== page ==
• Not only does childhood poverty have an impact on chronic stress, but there is also evidence that the degree of recovering from damage caused by gestational stress is closely related to family socioeconomic status – with children of high socioeconomic status recovering more readily than those of lower socioeconomic status.
    • The family’s socioeconomic status may affect the supply of sensory stimuli available to young children, which in turn influence brain development. Therefore, children who grow up in an environment of chronic poverty may suffer from persistent deprivation of exposure to enriching experiences, which may affect the optimal development of cognitive abilities and social and emotional skills, as well as future scholastic achievement.
    • Experiential deprivation during “critical periods” of brain development and lack of exposure to certain vital stimuli while the brain has optimal plasticity, can be very difficult to compensate for later in life.

    Policy Options: Addressing Poverty in Early Childhood and its Impact on Scholastic Achievements

    Interventions aimed at coping with the consequences of early childhood poverty and inequality on the educational achievements of children can focus on a wide range of areas – labor market, healthcare system, education system, etc. The review focuses on three approaches:

1. Substantially increasing access to daycare and improving the quality of care

Educational frameworks for young children could mitigate the disadvantages of growing up in a family of low socioeconomic background and can lead to better cognitive performance and non-cognitive development later on. In fact, research has shown that the educational programs with the highest rates of return are those that target the youngest age group, from birth to age 5.

In Israel, only 20% of children ages 0-3 attend recognized and supervised daycare centers or family daycare (only 10.6% in the Arab Israeli sector). Consideration should be given to policies that would substantially increase the supply of high quality ECEC (early childhood education and care) programs and allow easier access to daycare centers for children whose parents do not regularly and continuously participate in the labor market. There should also be special emphasis on developing a system of daycare centers to serve the Arab Israeli population.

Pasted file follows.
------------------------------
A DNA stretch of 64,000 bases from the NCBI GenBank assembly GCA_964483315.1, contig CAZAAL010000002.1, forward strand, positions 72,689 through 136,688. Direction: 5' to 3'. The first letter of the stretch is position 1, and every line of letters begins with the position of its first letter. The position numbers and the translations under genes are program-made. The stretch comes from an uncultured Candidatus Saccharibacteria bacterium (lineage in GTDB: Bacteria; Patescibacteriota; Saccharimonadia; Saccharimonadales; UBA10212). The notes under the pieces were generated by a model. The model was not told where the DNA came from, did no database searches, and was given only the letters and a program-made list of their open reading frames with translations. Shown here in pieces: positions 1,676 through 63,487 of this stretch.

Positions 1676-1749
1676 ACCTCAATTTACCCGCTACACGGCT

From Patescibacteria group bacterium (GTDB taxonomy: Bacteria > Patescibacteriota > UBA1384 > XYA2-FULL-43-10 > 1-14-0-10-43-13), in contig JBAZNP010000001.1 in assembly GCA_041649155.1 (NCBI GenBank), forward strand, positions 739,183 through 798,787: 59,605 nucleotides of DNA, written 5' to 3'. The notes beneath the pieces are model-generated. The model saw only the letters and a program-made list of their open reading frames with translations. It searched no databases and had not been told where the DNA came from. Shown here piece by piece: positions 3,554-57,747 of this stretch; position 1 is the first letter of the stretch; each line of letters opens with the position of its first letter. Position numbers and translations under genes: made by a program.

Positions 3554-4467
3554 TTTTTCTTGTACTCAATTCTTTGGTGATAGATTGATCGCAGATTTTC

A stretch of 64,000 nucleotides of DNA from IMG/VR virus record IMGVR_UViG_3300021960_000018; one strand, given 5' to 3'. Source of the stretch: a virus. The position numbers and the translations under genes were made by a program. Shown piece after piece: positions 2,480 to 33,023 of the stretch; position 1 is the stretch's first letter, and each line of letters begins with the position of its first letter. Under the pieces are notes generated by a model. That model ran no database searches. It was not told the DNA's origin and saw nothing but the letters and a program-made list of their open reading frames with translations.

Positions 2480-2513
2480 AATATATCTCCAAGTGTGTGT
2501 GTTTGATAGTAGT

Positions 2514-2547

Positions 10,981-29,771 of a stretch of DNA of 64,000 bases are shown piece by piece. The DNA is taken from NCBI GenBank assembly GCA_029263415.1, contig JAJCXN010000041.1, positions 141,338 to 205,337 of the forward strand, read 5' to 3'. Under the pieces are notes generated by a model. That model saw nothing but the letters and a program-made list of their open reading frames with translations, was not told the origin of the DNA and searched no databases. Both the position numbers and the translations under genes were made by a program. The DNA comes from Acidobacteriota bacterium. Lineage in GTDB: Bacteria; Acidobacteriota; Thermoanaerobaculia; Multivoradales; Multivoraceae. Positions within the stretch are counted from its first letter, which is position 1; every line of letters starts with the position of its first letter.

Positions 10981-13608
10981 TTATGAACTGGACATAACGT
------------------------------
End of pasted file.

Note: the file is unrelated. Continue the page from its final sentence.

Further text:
2. Comprehensive interventions at the community level, focusing on families with young children living in poverty

Poverty and distress can make it hard for parents to provide their children with the best possible developmental environment. Directly and holistically addressing the diverse needs of families through “poverty-aware social work” can make a big difference, but cannot be done on a large scale without a major expansion of community-level programs.

3. Addressing poverty more comprehensively and effectively

Another approach is direct intervention to curb the prevalence of child poverty. This could be accomplished through increasing social assistance benefits, increasing universal child allowances (or, particularly, the allowances of families with young children), and improving working families’ access to work grants.